By Canisius Mushibwe
With escalating cases of unemployment in South Africa, President Cyril Ramaphosa says the education system should adapt to helping people generate better skills needed for the country.
President Ramaphosa said during a national teaching conference that some young work-seekers are not educated adequately with sufficient skills or work experience needed by employers in the labor market.
“That places a great responsibility on teachers, education officials and indeed on all of us, to ensure that our schools, colleges, universities and other training institutions are producing the skills and capabilities that our country needs,” he said.
In realizing an education sector that will better develop people and equip them with the adequate skill set and knowledge in South Africa, President Ramaphosa recommended that every young child should have access to early childhood development and that the country should strive to reduce the subsequent dropout rate.
He added that the Government needs to prioritize achievement in science, technology, engineering, and mathematics.
The South African leader further said every school-leaver should have the confidence, capabilities, and the opportunities to study further, find employment or gain work experience which will align them with great initiatives that will support them in their endeavors to find pathways into the economy.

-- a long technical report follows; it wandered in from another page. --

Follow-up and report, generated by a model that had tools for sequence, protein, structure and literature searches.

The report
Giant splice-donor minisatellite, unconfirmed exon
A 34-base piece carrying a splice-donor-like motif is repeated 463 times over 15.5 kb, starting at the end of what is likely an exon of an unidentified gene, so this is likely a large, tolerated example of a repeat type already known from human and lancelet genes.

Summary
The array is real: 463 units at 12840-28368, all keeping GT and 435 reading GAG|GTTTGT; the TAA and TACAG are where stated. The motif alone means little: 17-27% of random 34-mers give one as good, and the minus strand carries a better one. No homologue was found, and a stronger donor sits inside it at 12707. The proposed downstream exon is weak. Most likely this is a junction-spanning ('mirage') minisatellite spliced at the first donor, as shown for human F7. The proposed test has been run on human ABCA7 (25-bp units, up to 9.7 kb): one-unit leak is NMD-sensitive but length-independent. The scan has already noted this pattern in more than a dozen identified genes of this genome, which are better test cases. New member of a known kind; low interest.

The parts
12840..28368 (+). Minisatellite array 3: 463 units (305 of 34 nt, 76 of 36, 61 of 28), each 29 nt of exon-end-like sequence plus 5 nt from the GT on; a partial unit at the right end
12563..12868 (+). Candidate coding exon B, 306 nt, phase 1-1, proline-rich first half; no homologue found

According to data released by StatsSA, the number of graduates unemployed is 23.4% points lower than the national official unemployment rate.
However, StatsSA data for the second quarter of the year, also revealed that South Africa’s unemployment rate skyrocketed by 1.8 percentage points to 34.4% compared to the previous quarter.
Youths aged 15-24 years and 25-34 years recorded the highest unemployment rates of 64.4% and 42.9%, while the number of young people between the age of 15-34 years not in employment, education or training was 44.2% in the second quarter.
The data also unveiled that in both quarter two of 2020 and 2021, more than four in every 10 young males and females were not in employment, education, or training.